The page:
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Today's Stichomancy for Arnold Schwarzenegger

The first excerpt represents the element of Air. It speaks of mental influences and the process of thought, and is drawn from A Child's Garden of Verses by Robert Louis Stevenson:

O wind, a-blowing all day long, O wind, that sings so loud a song!

I saw the different things you did, But always you yourself you hid. I felt you push, I heard you call, I could not see yourself at all-- O wind, a-blowing all day long, O wind, that sings so loud a song!

O you that are so strong and cold, O blower, are you young or old? Are you a beast of field and tree,


A Child's Garden of Verses
The second excerpt represents the element of Fire. It speaks of emotional influences and base passions, and is drawn from The Secret Agent by Joseph Conrad:

Anarchists or diplomats were all one to him. Mr Verloc was temperamentally no respecter of persons. His scorn was equally distributed over the whole field of his operations. But as a member of a revolutionary proletariat - which he undoubtedly was - he nourished a rather inimical sentiment against social distinction.

"Nothing on earth can stop me now," he added, and paused, looking fixedly at his wife, who was looking fixedly at a blank wall.

The silence in the kitchen was prolonged, and Mr Verloc felt disappointed. He had expected his wife to say something. But Mrs Verloc's lips, composed in their usual form, preserved a statuesque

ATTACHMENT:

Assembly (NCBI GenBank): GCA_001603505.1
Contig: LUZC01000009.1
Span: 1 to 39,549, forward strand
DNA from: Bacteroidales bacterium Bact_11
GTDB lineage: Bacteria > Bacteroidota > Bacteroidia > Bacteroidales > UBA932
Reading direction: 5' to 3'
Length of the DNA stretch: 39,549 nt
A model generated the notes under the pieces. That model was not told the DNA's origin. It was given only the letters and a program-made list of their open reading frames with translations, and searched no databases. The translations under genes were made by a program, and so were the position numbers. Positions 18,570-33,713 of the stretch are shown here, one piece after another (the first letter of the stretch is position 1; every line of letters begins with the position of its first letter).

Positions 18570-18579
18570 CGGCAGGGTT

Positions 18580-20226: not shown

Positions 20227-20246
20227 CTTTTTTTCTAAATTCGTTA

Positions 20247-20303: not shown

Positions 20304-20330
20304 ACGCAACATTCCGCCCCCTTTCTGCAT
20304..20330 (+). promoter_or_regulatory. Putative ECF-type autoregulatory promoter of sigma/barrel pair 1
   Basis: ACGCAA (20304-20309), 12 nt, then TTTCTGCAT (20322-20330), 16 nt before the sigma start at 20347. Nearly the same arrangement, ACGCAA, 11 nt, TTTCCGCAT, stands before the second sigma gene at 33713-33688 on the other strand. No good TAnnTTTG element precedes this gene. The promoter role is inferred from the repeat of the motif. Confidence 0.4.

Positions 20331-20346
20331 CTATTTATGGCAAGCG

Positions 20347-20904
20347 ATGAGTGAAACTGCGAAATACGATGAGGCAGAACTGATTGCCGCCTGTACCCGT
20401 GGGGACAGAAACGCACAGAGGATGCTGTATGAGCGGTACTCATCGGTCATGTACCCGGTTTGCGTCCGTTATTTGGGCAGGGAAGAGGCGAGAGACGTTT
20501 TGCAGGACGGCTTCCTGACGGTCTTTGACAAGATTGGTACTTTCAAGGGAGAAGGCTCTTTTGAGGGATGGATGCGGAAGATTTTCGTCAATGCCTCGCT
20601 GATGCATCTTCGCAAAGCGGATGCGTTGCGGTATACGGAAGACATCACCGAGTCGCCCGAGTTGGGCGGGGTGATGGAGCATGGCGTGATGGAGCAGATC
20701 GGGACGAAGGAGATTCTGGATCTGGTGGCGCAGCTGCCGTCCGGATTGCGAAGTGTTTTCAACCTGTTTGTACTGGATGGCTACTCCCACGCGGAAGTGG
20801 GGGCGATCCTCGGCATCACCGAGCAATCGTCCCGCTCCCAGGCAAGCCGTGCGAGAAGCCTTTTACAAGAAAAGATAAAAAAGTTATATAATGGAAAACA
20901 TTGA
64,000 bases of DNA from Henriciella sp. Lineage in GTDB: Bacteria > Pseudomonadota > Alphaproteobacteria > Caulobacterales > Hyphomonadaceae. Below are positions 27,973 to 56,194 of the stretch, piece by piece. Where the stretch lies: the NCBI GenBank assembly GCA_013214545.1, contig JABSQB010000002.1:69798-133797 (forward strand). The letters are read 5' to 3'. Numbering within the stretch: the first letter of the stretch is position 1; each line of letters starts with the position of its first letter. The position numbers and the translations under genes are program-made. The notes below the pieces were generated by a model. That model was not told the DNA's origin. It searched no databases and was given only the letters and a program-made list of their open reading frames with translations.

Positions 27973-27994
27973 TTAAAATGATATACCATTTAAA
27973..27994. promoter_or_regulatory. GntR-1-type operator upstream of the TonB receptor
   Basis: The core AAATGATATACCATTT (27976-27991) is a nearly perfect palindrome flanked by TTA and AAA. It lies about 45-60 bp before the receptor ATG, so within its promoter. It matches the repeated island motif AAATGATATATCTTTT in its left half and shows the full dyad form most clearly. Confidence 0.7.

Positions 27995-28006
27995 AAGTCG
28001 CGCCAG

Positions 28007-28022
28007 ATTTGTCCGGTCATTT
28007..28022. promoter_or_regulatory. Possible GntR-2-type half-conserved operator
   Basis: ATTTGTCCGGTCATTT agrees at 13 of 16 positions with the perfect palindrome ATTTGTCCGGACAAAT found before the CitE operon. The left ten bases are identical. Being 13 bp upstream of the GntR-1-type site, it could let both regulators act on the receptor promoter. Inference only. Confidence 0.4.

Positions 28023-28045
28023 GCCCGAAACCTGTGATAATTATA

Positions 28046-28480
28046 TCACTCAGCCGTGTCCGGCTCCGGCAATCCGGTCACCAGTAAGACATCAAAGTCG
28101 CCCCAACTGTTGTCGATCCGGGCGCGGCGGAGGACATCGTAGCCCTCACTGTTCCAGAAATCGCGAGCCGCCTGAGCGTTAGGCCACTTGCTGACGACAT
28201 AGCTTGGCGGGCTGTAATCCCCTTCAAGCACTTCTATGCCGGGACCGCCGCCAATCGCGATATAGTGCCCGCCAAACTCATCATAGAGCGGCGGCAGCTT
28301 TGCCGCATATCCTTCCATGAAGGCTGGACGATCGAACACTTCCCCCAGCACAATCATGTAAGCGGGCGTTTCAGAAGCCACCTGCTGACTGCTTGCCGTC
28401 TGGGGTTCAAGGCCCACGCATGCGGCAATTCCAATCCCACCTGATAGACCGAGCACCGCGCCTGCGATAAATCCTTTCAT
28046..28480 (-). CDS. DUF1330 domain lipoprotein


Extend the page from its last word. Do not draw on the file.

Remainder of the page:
The Secret Agent
The third excerpt represents the element of Water. It speaks of pure spiritual influences and feelings of love, and is drawn from An International Episode by Henry James:

"I wish you would let me go with you to the Tower, and to Hampton Court, and to all those other places."

"We shall be most happy," said Bessie.

"And of course I shall be delighted to show you the House of Lords-- some day that suits you. There are a lot of things I want to do for you. I want to make you have a good time. And I should like very much to present some of my friends to you, if it wouldn't bore you. Then it would be awfully kind of you to come down to Branches."

"We are much obliged to you, Lord Lambeth," said Bessie. "What is Branches?"

"It's a house in the country. I think you might like it."

The fourth excerpt represents the element of Earth. It speaks of physical influences and the impact of the unseen on the visible world, and is drawn from Jude the Obscure by Thomas Hardy:

now was better than a long agony of suspense hereafter. "Cases arise, and this is one, when even ungenerous questions must be put to make false assumptions impossible, and to kill scandal."

Jude explained readily; giving the whole series of adventures, including the night at the shepherd's, her wet arrival at his lodging, her indisposition from her immersion, their vigil of discussion, and his seeing her off next morning.

"Well now," said Phillotson at the conclusion, "I take it as your final word, and I know I can believe you, that the suspicion which led to her rustication is an absolutely baseless one?"

"It is," said Jude solemnly. "Absolutely. So help me God!"


Jude the Obscure